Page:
Anger, Love, Expanding – and not Shrinking – the Mind

Activism is born of love and caring—and also of moral outrage and anger.  Think of the thousands who marched in Selma or filled the jails voluntarily (teen agers among them) in Birmingham and elsewhere to challenge segregation, Jim Crow laws, and the rest. 

Racial justice demonstrators. Photo by Gayatri Malhotra on Unsplash.

Anger is often born of moral outrage or of grief.  In either case, if steered correctly, it can be tapped into as valuable energy.   If steered incorrectly, it leads to violence and more chaos and havoc and war.

This is why Thomas Aquinas can say that “nothing great happens without anger,” that anger is a fuel for taking on worthwhile tasks and persevering in them. 

Beauty is another path to taking on great tasks, he also points out.  “Zeal comes from an intense experience of the beauty of things.” 

We are living in a time when there is much that is ugly—war and all its barbarity, a crazy and dangerous gulf, growing daily , between the billionaires of the world and 95% of the human population, the destruction of the planet, media moguls and politicians  who choose to spread lies and can do so by way of almost instant communications and so much more.

But we are also living in a time when beauty is also more swiftly communicated including the courage and generosity of those resisting war in Ukraine and/or offering hospitality and assistance to the millions of refugees and so much more.

A Serbian refugee family runs after crossing a border line. Posted to Flickr by Freedom House. Public Domain.

Can the outrage at war and the transmitting of war live into our living rooms daily translate into a deeper awareness of the folly of war altogether?  Might the day come soon when we can steer the vast resources—intellectual and financial and creative–we use for war toward something we can all benefit from such as standing up successfully to defend mother Earth?  All the research we put into war, can it be steered instead toward saving Mother Earth as we know her?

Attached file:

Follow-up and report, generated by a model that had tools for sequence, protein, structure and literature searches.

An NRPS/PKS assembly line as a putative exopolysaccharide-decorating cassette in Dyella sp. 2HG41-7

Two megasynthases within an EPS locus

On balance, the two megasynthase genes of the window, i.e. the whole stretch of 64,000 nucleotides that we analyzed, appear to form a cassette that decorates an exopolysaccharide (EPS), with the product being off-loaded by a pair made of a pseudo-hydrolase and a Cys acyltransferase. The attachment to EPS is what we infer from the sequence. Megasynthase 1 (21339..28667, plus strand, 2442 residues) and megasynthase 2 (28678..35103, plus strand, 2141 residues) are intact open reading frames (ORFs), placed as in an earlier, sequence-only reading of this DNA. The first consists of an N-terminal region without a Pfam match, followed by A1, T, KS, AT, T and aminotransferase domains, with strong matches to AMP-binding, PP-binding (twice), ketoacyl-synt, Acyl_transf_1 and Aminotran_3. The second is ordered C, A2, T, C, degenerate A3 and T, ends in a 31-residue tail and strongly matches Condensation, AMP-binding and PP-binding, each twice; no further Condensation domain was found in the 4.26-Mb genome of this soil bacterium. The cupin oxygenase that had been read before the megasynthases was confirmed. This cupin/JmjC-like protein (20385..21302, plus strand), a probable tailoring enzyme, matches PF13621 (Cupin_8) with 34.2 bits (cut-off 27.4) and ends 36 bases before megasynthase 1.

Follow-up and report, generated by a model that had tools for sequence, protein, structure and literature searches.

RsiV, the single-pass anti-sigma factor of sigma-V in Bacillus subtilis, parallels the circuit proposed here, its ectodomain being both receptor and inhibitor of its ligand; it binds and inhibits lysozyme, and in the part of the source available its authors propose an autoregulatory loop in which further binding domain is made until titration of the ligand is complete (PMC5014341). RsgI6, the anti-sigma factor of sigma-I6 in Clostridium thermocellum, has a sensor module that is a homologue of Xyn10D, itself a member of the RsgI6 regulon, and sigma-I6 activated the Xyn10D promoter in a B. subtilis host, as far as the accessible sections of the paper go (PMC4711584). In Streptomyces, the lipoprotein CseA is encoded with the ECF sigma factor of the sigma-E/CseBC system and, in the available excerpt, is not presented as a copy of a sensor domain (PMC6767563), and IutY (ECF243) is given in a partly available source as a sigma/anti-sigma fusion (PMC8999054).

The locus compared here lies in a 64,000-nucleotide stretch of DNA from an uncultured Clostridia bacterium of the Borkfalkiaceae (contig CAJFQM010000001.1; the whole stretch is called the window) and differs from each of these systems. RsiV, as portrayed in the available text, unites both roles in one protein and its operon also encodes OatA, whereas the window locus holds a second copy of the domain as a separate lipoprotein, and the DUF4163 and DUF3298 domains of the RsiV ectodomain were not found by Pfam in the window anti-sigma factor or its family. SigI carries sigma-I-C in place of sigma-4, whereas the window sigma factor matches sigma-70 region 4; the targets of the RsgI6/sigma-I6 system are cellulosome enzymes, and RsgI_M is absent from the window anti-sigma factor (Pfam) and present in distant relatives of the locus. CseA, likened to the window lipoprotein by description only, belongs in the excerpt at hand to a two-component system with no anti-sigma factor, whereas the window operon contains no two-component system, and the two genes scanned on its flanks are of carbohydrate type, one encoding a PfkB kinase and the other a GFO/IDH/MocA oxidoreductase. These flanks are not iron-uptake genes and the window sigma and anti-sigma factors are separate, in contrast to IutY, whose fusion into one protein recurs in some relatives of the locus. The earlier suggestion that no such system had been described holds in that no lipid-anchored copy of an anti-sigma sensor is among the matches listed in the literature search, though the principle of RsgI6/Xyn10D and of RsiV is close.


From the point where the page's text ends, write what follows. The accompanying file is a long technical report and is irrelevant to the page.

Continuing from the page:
The capital sin of “acedia” I usually understand as Aquinas defined it, “the lack of energy to begin new things.”  Depression, nihilism, self-pity, denial, despair, all these attitudes can birth acedia.  But another way to name acedia, also offered by Aquinas, is this: A “shrinking of the mind.”

When our minds shrink, when our world gets too small, we can easily fall into acedia which includes not caring and not having the energy to act. 

This is one more reason why a re-marriage of cosmos and psyche can be so valuable for putting love into action. 

Adapted from Matthew Fox, The Tao of Thomas Aquinas: Fierce Wisdom for Hard Times, pp. 21, 131-137.   

And Matthew Fox, Sins of the Spirit, Blessings of the Flesh: Transforming Evil in Soul and Society, pp. 189-201, 231-236.

To read a transcript of Matthew Fox’s video teaching, click HERE.

Banner Image: Black Lives Matter demonstrator creating a heart with hands during a demonstration in London. Photo by Ehimetalor Akhere Unuabona on Unsplash.

Queries for Contemplation

What does it mean to you, how does it strike you, that the “capital sin” of acedia is defined not as just “sloth,” but as the “lack of energy to begin new things” and by a “shrinking of the mind”?  What follows from that?